Nylon for Slings

Introduced in 1938, nylon is the first highly commercially successful artificial fiber. Man-made fibers are known as synthetic fibers. They compete with natural fibers such as manila (abaca), hemp, and cotton.

Strength
The primary reason that nylon is used in the fabrication of rope and hoisting slings, often referred to as chokers, is its strength. Nylon has two times the pulling strength of manila.

It's All About Little Chains
Textile fibers are formed by molecular chains; tiny little links bonded together, known as polymers. The number of chains and their individual bond strengths are directly related to the tensile strength of a fiber. Natural fibers are limited in their ability to naturally form strong bonds. On the other hand, synthetic fibers such as nylon, can be chemically made to form very long, strongly bonded molecular chains.

The word nylon is not capitalized nor does it carry the registered trademark symbol. Nylon was invented by the DuPont Company who in the 1930s held a disdain for anything trademarked. The company purposely did not apply for trademark registration in order to allow the world to use the term freely. Consequently, unlike later Dupont synthetics such as Dacron®, Tyvek®, and Kevlar®, nylon has become just another common word in all languages.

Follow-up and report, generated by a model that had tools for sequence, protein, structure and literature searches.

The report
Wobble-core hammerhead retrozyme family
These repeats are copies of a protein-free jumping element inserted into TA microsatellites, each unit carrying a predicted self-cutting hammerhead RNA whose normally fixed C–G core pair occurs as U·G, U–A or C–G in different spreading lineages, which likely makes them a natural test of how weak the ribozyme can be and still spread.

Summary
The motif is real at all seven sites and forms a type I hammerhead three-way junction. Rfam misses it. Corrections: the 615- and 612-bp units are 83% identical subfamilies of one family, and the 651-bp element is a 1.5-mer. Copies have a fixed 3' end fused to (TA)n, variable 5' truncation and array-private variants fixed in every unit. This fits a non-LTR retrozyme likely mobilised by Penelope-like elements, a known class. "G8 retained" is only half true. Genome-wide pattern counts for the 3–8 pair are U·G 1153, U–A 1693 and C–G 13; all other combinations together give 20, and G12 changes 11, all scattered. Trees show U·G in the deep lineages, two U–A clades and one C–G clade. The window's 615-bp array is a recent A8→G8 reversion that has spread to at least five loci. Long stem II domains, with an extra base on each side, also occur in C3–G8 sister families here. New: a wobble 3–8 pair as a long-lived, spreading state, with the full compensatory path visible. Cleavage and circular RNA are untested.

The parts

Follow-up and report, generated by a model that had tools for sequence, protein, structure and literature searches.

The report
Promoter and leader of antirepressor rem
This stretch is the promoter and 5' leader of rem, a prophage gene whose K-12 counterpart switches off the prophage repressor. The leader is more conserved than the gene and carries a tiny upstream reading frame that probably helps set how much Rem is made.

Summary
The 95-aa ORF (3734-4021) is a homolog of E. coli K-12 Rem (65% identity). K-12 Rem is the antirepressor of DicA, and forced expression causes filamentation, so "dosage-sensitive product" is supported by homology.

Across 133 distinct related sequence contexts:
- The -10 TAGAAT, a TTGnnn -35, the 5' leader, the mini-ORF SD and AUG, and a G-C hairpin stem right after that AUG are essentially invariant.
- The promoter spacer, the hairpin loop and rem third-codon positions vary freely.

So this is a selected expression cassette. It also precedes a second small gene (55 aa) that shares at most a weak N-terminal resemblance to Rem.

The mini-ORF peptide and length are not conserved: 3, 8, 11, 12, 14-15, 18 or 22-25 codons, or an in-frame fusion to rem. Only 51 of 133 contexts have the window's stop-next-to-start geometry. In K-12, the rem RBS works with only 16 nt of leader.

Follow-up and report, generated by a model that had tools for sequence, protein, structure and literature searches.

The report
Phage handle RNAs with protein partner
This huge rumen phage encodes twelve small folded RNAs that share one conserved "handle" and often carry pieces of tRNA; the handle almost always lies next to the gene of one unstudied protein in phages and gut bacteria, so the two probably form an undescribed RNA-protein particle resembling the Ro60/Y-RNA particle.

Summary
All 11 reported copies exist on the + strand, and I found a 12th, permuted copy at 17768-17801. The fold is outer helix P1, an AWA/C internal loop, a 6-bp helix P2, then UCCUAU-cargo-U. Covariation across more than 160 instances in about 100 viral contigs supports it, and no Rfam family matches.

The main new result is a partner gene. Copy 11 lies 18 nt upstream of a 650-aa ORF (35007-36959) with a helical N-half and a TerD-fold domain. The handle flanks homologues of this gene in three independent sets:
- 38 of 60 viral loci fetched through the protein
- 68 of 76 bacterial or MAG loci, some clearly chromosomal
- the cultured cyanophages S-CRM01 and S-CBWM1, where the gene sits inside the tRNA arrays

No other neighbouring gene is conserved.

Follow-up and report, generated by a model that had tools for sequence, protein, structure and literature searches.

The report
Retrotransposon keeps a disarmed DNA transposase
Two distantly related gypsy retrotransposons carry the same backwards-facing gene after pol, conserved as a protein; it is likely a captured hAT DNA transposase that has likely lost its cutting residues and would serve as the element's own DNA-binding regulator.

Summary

Nylon versus Natural Fibers
Natural fibers and natural fibers blended with synthetics enjoy respectable popularity in the apparel market due to their pleasing tactile feel and their appealing appearance. Strength, elasticity, abrasion resistance, and resistance to chemical attack are not major considerations in clothing. This is not so in the rigging industry. Nylon provides all of these attributes that are important to safe rigging. Also, nylon melts under high temperatures contrasted to natural fibers that burn.

Nylon versus Other Synthetic Fibers
While all synthetic textile sling materials are strong, lightweight, and very flexible, decisions on exact material selection is often based on elongation under load and chemical resistance. Nylon can stretch up to 10% of its initial length under rated load. This is contrasted to only 3% elongation for polyester. Nylon's greater elongation can be a positive if the absorption of a shock load is necessary. It can be a negative if little movement is desired during a lift.

Nylon is resistant to most regularly encountered chemicals with the exception of concentrated acids and bleaches. It is highly resistant to insects and fungi, as well as molds, mildew, and rot. While not usually a problem, prolonged exposure to sunlight results in UV degradation of nylon.